Once again we are witnessing a Youthquake…the unique influence of young advocates on their peers, parents, policymakers, the press and the public at large.
DACA Dreamers, Black Lives Matter, Earth Guardians and most recently the #NeverAgain students refuse to be intimidated. These activists are shaming and motivating those in positions of power.
We are not here to be patted on the back. We are not here to be told we are doing so much because we know what we’re doing and we’re doing it for a reason. We’re doing it so our legislators, so that our lawmakers will make a change, so that they will take us seriously, so that they will not dismiss us any longer, so they won’t reschedule, so they won’t push us in another room as they dance around our questions. Because we came here prepared and we’re going to come to every single meeting with every single legislator—prepared. We know what we want. We want gun reform. Delaney Tarr – Senior, Marjory Stoneman Douglas High School
Occupying congressional offices, blocking traffic with die-ins, marching to state capitols, all reveal a clear trend. These youth-organized actions build public support to put direct pressure on lawmakers to support specific policy solutions. These campaigns signal to even younger youth not to wait until they are old enough to vote to make demands of elected officials. This generation sees a world where it is normal and expected for young people to participate fully at all levels of decision-making.
The seismic shocks from Florida students reverberate among other age groups. More than six in 10 Americans, including most parents, think students should get involved in the issue of gun policy and school safety; just over a third say the issue would be better left to adults, according to a CBS Poll. “Youth fix” has replaced “fix our youth.” It is no longer outlandish to hear these non-voting constituents talk of their clout now, especially DACA Dreamers. In a speech at the National Student Walkout in DC, Student Board of Education Member Matthew Post of Montgomery County, Maryland, didn’t mince words:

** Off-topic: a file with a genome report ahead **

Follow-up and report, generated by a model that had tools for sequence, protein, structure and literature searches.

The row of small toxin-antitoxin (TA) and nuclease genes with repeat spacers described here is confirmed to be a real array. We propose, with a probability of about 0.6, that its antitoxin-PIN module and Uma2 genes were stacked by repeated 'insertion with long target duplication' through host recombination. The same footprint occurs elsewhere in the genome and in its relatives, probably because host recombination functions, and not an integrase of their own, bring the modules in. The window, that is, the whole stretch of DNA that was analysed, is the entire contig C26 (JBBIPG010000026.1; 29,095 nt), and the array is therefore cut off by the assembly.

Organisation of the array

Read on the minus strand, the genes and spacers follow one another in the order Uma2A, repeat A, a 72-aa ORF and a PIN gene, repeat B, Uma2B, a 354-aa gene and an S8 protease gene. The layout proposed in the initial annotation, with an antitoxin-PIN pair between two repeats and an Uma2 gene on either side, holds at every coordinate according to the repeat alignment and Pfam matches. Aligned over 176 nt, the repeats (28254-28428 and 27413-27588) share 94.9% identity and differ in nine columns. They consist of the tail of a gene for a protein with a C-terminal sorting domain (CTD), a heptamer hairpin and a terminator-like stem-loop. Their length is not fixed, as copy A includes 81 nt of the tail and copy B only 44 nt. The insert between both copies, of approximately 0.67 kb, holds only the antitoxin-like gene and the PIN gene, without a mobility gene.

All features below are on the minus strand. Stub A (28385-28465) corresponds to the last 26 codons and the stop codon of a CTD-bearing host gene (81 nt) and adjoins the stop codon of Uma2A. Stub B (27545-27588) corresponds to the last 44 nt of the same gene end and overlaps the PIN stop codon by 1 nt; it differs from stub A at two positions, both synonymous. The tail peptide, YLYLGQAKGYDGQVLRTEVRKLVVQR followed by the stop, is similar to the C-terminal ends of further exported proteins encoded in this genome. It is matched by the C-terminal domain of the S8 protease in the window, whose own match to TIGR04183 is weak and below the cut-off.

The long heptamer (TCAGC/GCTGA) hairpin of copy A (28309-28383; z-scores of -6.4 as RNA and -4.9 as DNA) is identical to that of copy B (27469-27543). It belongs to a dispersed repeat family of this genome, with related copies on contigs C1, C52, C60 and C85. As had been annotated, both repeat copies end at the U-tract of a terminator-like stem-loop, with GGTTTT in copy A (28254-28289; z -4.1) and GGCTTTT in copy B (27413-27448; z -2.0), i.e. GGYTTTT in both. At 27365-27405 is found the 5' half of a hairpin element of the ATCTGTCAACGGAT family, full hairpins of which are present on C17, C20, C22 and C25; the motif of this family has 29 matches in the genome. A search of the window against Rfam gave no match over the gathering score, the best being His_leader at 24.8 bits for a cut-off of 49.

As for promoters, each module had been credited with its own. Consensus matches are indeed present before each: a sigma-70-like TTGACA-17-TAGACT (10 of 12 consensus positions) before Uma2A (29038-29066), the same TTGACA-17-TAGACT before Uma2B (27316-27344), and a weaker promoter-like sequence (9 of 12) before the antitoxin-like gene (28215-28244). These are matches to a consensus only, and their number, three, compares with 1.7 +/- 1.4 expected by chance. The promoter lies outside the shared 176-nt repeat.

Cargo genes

The adults have failed us.This is in our hands now, and if any elected official gets in our way, we will vote them out.
Even the most ‘woke’ adults are in awe of how effective this generation conducts research, identifies political allies and targets, deploys tweets, delivers “no B.S.” speeches, captures the media spotlight, organizes walkouts, crowdfunds for a national march. These activists aren’t polite and patient. They do not follow the plodding pace of most advocacy organizations. Instead, they communicate 24/7 using WhatsApp, collaborate using Google docs, amplify the voices of many rather than a single spokesperson–essentially embracing a leaderful approach.
DACA Dreamers, BLM, #Enough and thousands of other young activists represent a continuum who deftly combine the tactics of the past with digital strategies to pursue systemic change. Online sharing of these lessons abounds from Youth Radio’s “Controlling Your Online Presence” to Youth In Front’s video “How does a march become a movement?” The SPARK Movement’s DIY on Posters and Subvertising are also among the links highlighted on our Resources page. We are counting on you to recommend other freebies to make Youthquake the Word of 2018 and every year in the future.